Bayer Pharma AG

Essence of this Article

Formation of a thrombus within a vein is known as a venous thrombosis. If the thrombus breaks loose and travels through the circulatory system, it is known as an embolus. Venous thrombi manifest mainly as deep vein thrombosis (DVT) and pulmonary embolism (PE). DVT is the most common type of venous thromboembolism (VTE), but patients with DVT are also at risk of PE, which can potentially be life-threatening. VTE is associated with cancer, trauma and surgery, and several pre-disposing risk factors, including pregnancy, obesity and immobility, have been identified. VTE can also lead to serious long-term complications, including post-thrombotic syndrome (PTS) and chronic thromboembolic pulmonary hypertension (CTEPH).

Venous Thrombosis

Venous Thrombosis - Deep Vein Thrombosis Risk Factors

Deep vein thrombosis

Venous Thrombi

Formation of a thrombus within a vein is known as a venous thrombosis. If the thrombus breaks loose and travels through the blood system, it is known as an embolus.36

Venous thrombi:

  • Feature enmeshed erythrocytes
  • Tend to fragment, creating an embolus
  • Manifest mainly as DVT and PE
Pulmonary embolus

Pulmonary embolus

Venous thromboembolism

The most common type of VTE is DVT, which occurs predominantly in the large veins in the leg.25, 36

When part or all of a thrombus breaks away from the blood vessel wall, this thrombus is carried in the direction of blood flow towards the lungs and can block one of the arteries in the lung (pulmonary embolus). Patients with DVT are at risk of PE which can potentially be life-threatening.

Risk factors

VTE is associated with cancer, trauma and surgery. Idiopathic cases occur where a patient has no clear exposing risk factor (i.e. no triggering event).37 Important risk factors for VTE include:38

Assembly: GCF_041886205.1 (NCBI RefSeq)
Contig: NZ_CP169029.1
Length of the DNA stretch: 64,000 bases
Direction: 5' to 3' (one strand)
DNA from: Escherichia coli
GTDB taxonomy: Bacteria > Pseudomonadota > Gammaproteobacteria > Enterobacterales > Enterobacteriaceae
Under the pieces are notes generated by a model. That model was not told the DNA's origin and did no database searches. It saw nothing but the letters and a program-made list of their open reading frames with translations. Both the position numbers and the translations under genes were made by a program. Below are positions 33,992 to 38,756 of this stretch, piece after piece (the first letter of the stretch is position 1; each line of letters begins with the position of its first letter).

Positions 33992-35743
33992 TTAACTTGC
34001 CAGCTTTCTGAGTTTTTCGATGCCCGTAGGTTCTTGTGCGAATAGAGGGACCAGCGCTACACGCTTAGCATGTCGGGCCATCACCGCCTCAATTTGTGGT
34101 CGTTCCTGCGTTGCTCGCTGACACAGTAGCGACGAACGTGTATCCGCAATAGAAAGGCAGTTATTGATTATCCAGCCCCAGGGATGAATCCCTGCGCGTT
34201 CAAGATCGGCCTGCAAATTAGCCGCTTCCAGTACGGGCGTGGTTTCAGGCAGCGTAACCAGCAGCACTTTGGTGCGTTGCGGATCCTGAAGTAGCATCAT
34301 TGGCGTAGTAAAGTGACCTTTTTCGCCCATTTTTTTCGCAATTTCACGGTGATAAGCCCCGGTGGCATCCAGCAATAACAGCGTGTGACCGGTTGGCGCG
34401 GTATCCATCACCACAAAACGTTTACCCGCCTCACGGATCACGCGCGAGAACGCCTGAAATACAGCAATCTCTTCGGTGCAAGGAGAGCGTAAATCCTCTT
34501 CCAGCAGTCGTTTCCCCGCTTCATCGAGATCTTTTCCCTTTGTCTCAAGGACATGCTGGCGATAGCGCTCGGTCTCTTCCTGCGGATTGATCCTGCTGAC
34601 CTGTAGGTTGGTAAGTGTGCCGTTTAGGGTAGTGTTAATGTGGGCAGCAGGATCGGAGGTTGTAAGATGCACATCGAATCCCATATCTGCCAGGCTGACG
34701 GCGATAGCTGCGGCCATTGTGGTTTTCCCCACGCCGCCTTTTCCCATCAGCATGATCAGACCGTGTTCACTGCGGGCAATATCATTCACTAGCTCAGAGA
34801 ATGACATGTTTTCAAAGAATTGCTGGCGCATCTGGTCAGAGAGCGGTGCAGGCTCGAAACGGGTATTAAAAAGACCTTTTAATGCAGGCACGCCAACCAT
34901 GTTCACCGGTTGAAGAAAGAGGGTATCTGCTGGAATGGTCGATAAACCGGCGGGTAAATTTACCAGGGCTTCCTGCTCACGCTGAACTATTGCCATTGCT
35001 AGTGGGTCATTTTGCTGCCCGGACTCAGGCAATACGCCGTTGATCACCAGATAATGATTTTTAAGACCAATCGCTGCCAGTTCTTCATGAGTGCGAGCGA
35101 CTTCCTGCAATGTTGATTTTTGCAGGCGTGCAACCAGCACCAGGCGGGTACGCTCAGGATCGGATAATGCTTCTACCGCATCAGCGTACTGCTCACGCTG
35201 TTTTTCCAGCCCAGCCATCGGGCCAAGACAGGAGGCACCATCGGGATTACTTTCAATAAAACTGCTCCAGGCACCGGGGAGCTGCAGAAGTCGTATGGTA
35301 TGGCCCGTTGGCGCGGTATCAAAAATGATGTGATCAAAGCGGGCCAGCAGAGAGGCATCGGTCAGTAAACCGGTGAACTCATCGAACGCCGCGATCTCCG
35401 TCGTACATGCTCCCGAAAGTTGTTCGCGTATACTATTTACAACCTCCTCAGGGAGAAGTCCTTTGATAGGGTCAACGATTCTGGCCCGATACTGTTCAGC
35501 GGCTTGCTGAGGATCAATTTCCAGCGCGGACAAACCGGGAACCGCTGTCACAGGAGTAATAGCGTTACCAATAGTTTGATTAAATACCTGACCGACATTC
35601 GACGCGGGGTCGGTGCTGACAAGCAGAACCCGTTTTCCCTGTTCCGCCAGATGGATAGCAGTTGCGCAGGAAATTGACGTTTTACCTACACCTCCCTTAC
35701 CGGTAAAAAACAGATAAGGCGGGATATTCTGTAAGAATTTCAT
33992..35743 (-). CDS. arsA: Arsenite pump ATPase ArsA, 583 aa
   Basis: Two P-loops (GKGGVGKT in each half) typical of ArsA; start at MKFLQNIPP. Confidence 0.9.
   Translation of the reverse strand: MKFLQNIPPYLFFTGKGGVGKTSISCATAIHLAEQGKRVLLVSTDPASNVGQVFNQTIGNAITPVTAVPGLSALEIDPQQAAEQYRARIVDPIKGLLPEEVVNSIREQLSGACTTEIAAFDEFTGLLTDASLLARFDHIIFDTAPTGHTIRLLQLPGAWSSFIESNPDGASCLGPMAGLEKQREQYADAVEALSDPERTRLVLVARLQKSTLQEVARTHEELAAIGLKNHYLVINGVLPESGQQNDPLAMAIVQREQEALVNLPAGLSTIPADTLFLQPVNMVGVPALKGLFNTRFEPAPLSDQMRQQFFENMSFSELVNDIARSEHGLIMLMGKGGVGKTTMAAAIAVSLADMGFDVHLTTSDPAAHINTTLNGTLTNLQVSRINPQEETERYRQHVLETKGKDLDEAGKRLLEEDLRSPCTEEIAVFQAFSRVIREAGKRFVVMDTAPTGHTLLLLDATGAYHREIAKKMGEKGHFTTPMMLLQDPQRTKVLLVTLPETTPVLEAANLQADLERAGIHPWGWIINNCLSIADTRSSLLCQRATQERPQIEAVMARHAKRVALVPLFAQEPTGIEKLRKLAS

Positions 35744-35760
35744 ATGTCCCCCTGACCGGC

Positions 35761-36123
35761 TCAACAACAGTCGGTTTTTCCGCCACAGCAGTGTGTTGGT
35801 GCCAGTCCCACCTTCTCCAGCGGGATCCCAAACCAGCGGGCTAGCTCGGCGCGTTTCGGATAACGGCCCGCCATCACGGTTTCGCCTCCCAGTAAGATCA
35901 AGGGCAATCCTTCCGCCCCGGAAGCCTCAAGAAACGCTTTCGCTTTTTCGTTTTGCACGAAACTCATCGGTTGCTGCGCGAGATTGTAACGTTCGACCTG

Pre-disposing risk factors:

  • Increasing age (especially >60 years)
  • Pregnancy and postpartum
  • Obesity (body mass index >30 kg/m2)
  • Immobility (including lower extremity paralysis)
  • Personal/family history of VTE
  • Dehydration
  • Use of oestrogen-containing oral contraceptives
  • Use of hormone replacement therapy

Exposing risk factors:

  • Surgery
  • Active cancer or cancer therapy
  • Respiratory or heart failure
  • Acute medical illness
  • Critical care admission
  • Venous compression (e.g. by tumour, haematoma, arterial abnormality)
  • Recent myocardial infarction or stroke
  • Metabolic, endocrine or respiratory pathologies
  • Central venous catheterization
  • Inflammatory bowel disease (e.g. ulcerative colitis or Crohn’s disease)
  • Severe infection
  • Myeloproliferative diseases
  • Varicose veins with associated phlebitis
  • Inherited or acquired thrombophilias
  • Selective oestrogen receptor modulators
  • Erythropoiesis-stimulating agents
  • Nephrotic syndrome
  • Paroxysmal nocturnal haemoglobinuria
  • Long distance travel

Incidence and prevalence

Venous thromboembolic disease is a major problem worldwide, causing more than half a million deaths every year in the European Union (EU).39

In 2007, it was estimated that approximately 1.1 million venous thromboembolic events occur each year across the EU encompassing:39

  • 1,118,742 total venous thromboembolic events

    • 684,019 (61% of total) DVT events
    • 434,723 (39% of total) PE events
  • 543,454 (49% of total) VTE-related deaths

In the United States (US), the Surgeon General has stated that DVT and PE together affect an estimated 350,000–600,000 people each year,40 leading to an estimated 100,000–300,000 deaths annually.40, 41

The annual incidence rate of VTE (adjusted for age and sex) has been reported to be 1.17 per 1000 per year over a 25-year period in a US population-based study, or:42

  • DVT – 0.48 per 1000 population per year
  • PE – 0.69 per 1000 population per year

In the EU, it is estimated that more than 1.1 million cases of VTE occur each year, leading to over half a million deaths.1 It has also been noted that VTE is responsible for more than twice the number of deaths than those caused by AIDS, breast cancer, prostate cancer and road traffic accidents combined.39


VTE also can lead to serious long-term complications, including:

  • PTS
  • CTPH30

PTS is the most common complication of DVT and typically causes chronic pain and swelling in the affected leg, and in severe cases can result in venous ulcers.44

After symptomatic DVT, 20–50% of patients develop PTS.44

CTEPH is a serious long-term complication of PE, but it can be difficult to diagnose because clinical symptoms and signs are non-specific or absent in early CTEPH. Many of the symptoms are similar to those for acute PE, including dyspnoea, chest pain, pre-syncope or syncope and/or haemoptysis.39, 45 CTEPH causes the right side of the heart to work harder than normal owing to abnormally high blood pressure in the arteries of the lungs. This can lead to heart failure and other serious consequences.

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